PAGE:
I’m over at Stand Firm today, as I’m going to try to be a couple of days a week. Here is what I said about Thanksgiving.
It’s not just me, I have confirmed my impression by complaining about it personally to everyone I know. It’s true, some members of the American family—lots actually—this year put up their Christmas decorations the day after Halloween. And, though I judged them heartily, even my dear friends whom I love and will eventually forgive for this travesty of wrongness, why wouldn’t they? The stuff has been available to buy since the season’s first pumpkin-spiced-latte drove away from the Starbucks window. Thanksgiving—or, as a clever friend called it the other day—Thankschristmas, is but a stumbling stone in the mad dash to celebrate the birth…no, that’s not right. To celebrate…what? What is Christmas the celebration of now?
But that is too big a question for today. Today is not merely one more bleak hour in the frantic lead up to the most stressful day of the year. Today is Thanksgiving, by decree of the government and everything, and is worth some attention of its own.
The trick, as I see it, is to back away from the overburdening command to “be grateful” or to “be thankful,” in a generalized kind of way, as if just experiencing some feeling of gratitude for the piles of stuff you’re tripping over in your living room and your life will magically cure you of all your misery. As if gratitude is just one of the many tools in your bucket of self-care, like getting your nails done and eating more fruit. Sure, being thankful would make you a less difficult person to be around, but being thankful is as impossible as being “less anxious.”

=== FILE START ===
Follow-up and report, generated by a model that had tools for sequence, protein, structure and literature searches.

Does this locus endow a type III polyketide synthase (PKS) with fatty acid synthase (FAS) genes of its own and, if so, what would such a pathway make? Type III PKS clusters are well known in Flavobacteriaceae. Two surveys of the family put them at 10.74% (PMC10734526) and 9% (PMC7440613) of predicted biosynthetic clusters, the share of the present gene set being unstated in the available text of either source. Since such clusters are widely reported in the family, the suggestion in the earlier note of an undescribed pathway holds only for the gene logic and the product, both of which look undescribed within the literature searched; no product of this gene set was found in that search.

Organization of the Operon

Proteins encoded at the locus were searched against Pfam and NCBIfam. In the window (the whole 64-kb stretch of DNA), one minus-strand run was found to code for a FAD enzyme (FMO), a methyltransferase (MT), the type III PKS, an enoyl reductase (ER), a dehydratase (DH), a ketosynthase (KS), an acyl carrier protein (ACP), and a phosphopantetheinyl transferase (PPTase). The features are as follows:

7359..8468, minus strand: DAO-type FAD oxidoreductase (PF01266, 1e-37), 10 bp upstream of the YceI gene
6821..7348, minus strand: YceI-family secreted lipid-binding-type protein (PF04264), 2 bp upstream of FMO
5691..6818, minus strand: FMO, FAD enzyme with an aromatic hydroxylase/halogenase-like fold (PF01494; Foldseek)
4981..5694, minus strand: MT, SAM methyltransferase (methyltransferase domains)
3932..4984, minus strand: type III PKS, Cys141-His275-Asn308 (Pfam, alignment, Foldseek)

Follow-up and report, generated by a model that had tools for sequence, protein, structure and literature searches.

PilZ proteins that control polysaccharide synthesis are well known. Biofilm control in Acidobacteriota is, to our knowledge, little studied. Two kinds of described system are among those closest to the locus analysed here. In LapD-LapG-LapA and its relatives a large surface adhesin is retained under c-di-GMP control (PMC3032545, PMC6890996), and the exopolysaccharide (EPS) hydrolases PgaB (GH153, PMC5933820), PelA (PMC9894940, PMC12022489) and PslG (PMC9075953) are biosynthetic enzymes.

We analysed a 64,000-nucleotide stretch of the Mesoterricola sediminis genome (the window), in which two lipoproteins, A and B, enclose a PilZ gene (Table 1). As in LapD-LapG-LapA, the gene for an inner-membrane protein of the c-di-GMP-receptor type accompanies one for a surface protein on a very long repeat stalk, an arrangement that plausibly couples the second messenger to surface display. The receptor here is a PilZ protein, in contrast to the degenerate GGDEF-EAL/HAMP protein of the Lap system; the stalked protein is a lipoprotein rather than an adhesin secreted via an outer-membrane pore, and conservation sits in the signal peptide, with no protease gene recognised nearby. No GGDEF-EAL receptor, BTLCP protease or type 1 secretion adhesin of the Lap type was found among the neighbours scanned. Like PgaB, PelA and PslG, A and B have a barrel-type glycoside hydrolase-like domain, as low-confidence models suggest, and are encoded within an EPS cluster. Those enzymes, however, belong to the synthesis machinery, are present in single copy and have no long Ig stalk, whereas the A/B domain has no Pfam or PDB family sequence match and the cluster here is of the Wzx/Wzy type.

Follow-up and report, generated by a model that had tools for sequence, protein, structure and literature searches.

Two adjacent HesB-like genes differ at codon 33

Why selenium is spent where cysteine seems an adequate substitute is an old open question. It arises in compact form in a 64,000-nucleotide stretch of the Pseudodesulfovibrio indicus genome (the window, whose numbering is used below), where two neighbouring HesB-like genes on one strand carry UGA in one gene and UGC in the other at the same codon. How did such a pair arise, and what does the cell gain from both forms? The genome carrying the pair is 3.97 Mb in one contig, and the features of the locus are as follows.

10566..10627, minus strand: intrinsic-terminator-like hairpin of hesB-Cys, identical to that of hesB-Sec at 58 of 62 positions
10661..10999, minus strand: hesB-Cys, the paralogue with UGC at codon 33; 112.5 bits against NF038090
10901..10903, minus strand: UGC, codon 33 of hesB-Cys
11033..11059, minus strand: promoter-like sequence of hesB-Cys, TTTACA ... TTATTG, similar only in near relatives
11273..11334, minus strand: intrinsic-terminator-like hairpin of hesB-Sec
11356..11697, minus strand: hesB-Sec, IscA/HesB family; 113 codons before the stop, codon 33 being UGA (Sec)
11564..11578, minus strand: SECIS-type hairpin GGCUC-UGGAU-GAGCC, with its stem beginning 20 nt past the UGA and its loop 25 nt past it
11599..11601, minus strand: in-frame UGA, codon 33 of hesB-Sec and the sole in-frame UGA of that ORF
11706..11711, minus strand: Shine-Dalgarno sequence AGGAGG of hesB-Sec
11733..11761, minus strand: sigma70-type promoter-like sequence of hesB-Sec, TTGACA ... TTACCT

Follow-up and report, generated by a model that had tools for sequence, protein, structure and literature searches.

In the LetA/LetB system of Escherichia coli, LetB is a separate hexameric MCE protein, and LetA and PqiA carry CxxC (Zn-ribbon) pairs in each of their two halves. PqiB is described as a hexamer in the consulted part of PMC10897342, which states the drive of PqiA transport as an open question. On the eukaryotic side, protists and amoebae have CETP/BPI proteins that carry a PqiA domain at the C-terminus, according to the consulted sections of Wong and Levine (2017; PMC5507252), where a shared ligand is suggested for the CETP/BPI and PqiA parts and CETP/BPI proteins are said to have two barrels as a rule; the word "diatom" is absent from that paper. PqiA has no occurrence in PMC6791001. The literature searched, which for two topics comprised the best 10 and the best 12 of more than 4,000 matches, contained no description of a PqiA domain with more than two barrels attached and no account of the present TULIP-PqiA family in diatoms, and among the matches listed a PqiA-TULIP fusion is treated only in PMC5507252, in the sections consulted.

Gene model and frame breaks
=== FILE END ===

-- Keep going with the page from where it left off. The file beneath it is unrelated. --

I don’t think overabundant feelings of thankfulness is the command, nor the point. The point is to first to find something to be grateful about, and then someone to be grateful to.
“O put your trust in God, for I will yet give him thanks, who is the help of my countenance, and my God.” Psalm 43:6
The Bible—and psalms in particular—is replete with expressions of bitter unhappiness. I think nice people who are always cheerful and happy inside and profess to love the psalms must be lying, because the great thing about the psalms is how angry and sad their authors are. The verse before that one is, “Why are you so full of heaviness, O my soul? and why are you so disquieted within me?” The implication being that everything is not ok. Read the rest here!